Despite all assurances to the opposite however, I had no chance to create additional users before my first login. Just the administrator (root). Maybe because I chose advanced install (no don't take over my entire drive!) The lack of a partitioner is irritating (even in Windows I always use two partitions, one for programs and one for documents).

The desktop experience to me was slick, the KDE menu not over-crowded, the audiovisual help system was interesting as a concept.

Drive detection was weird. On the internal disk, Windows partitions aren't found, but Linux partitions (well, one standard '/home' partition) are; my two USB Windows partitions are found.

As a Suse user, I felt the lack of something YaST-like; an extremely user-friendly yet powerful configuration tool could benefit this distribution.

But the modem support alone tells me that I'll leave this OS installed for a while.

@yeah
by Bud on Fri 6th Feb 2004 13:15 UTC

"Well fair enough stay in your sad little groups as i will not wish to enter into conversation with such a huge bunch of unhappy sad little people who fear that windows might just be getting better than their os."

Well,fair enough,you made my day. I will fire up XP and play something today.You know , we don't have a lot of games in linux...

Re: drive detection and geforce fx5600
by Anonymous on Fri 6th Feb 2004 14:56 UTC

just noted interesting experiences from users..
- in regards to fx5600: one user said he got 3000 fps in lindows while another said ~1600 fps (but ~3000 in suse) .. mobo chipset problems? for windows at least, i know that agp port driver can be buggy for some chipsets and sometimes, it's left out entirely (because it's not supported out of the box by os) so it defaults to pci mode.
.. though i don't *think* that would make a difference for something like glxgears.

- partition mounting: article mentions that windows is automatically mounted, but his linux (i assume slack) partitions aren't; while user comment above mentions that his windows partitions weren't, while some of his linux's were .. hmm .. strange..

i got the free 4.5 iso too, which is definitely cool.. maybe it was released too soon or maybe more testing needs to be done on non-standard, or non-expected configurations as well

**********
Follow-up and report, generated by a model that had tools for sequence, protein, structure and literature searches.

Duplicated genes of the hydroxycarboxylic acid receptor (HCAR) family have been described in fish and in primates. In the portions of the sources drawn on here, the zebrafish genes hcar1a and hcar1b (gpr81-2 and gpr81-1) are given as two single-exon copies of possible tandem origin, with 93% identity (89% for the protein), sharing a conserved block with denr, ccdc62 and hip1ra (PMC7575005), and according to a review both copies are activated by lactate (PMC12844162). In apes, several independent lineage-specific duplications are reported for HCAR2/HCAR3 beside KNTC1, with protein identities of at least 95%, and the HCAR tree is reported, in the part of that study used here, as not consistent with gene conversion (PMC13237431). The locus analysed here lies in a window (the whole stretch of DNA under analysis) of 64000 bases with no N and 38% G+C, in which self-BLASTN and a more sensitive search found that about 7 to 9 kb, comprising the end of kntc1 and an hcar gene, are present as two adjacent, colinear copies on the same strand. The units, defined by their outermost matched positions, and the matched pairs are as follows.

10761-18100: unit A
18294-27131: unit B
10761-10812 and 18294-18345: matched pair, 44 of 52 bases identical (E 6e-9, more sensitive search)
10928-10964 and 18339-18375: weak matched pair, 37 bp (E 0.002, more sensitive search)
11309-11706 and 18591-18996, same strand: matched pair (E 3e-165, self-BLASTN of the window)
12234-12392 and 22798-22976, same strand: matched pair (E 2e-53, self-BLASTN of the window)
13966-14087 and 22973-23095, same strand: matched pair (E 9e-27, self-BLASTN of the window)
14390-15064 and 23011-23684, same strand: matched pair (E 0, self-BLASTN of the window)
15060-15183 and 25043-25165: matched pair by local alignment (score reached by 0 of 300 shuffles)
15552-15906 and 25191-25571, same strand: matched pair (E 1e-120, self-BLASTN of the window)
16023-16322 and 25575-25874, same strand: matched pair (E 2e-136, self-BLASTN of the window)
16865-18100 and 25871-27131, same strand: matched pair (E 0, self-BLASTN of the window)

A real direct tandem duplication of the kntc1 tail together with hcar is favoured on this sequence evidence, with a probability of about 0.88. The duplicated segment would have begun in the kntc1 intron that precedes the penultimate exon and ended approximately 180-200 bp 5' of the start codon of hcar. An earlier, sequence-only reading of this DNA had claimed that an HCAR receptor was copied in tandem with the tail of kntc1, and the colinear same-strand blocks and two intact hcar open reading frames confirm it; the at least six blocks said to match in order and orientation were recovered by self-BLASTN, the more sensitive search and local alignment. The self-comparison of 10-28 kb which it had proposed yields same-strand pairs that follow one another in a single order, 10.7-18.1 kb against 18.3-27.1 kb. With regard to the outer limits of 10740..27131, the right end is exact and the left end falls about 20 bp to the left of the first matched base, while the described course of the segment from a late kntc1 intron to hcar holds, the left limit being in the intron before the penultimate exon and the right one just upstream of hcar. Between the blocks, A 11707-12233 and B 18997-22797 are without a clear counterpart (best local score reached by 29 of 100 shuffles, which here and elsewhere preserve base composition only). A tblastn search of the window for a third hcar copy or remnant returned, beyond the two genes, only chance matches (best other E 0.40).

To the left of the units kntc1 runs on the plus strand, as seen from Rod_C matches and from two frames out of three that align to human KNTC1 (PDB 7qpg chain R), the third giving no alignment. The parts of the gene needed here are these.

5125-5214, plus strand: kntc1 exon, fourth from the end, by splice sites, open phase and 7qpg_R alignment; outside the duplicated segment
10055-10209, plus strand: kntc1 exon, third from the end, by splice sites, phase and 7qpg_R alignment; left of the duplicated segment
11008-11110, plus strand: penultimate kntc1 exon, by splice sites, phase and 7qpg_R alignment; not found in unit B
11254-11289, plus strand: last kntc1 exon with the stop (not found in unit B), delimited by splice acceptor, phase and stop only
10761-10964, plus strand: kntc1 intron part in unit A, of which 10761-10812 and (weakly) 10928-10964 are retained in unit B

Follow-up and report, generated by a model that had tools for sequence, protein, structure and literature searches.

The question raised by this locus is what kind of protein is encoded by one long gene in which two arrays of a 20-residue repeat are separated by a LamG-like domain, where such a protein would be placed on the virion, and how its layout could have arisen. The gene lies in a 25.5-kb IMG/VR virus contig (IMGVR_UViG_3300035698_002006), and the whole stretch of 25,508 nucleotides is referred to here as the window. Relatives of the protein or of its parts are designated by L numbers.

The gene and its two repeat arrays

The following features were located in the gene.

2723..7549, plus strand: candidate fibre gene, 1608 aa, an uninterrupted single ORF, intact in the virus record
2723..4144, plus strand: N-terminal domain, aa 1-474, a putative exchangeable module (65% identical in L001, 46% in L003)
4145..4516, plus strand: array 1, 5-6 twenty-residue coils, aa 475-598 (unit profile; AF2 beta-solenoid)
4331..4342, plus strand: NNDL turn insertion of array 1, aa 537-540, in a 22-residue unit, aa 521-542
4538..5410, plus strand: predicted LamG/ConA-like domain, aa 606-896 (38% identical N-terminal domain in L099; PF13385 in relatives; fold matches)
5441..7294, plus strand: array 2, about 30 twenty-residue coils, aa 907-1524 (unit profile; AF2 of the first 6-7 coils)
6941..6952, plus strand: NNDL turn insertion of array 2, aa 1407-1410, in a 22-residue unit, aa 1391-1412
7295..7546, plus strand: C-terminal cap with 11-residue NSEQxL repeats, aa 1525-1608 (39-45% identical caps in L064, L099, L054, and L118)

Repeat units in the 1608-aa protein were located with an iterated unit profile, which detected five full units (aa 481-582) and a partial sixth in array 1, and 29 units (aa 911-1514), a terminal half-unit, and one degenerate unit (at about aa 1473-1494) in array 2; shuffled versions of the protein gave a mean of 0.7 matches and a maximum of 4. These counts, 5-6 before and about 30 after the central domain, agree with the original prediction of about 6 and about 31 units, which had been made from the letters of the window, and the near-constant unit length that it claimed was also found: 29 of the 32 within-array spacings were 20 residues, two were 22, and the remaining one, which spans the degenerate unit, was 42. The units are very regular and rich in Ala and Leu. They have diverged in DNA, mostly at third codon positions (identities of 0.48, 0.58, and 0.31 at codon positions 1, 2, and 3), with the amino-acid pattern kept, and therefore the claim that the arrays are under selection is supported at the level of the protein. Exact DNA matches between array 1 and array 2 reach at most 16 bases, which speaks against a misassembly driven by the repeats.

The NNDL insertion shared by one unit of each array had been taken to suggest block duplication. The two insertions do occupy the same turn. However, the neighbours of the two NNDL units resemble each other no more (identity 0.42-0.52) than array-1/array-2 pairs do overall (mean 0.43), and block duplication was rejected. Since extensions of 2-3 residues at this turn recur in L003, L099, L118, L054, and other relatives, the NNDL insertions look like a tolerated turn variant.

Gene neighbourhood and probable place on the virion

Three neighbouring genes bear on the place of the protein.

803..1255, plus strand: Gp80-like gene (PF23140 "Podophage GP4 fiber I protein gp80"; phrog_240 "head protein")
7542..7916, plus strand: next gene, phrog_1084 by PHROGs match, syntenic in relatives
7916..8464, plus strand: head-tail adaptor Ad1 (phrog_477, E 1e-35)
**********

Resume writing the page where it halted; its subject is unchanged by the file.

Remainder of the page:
a very honest and fair review good job.
by Linuxgeekintraining on Fri 6th Feb 2004 15:13 UTC

Most folks who review lindows usually wind up bashing it because it's so different from main stream linux distributions. I think you did a good job of reviewing it.

my experience with Lindows
by walterbyrd on Fri 6th Feb 2004 15:24 UTC

Since they were giving away lindows for free, so I thought I would give it a try. Good install - but not as good as Suse, lindows didn't find my win-modem, or my usb-scanner, lindows didn't mount other partitions. No options with the install, you get what you get. Frankly, I think of Lindows as more of a marketing gimmick than anything else. I mean, what do you get for $70 that you can't get for free (if you have broadband), or for a couple of dollars if you want a cd mailed to you? Mandrake, Fedora, and SuSe, are all very easy to install and use. Lindows does look more like windows than any other version I've used, but so what? Frankly I think windows, kde, gnome, and macos, look more similar than different. Oh yea, after you pay $70 for lindows, they want you to buy other stuff like anti-virus etc, lindows also wants to pay $50 a year for a clink-n-run feature that you don't need (just use apt-get). Nothing wrong with Lindows, I'm using it right now. But, like prostitutes and parking spaces, why pay when - with a little patience and persistance - you can get it for free? One thing newbies will like about lindows: you get one editor - not twelve, same with other apps. Again, for newbies, this will be much less confusing.

RE:installs ok but then...
by Mr Goon on Fri 6th Feb 2004 15:33 UTC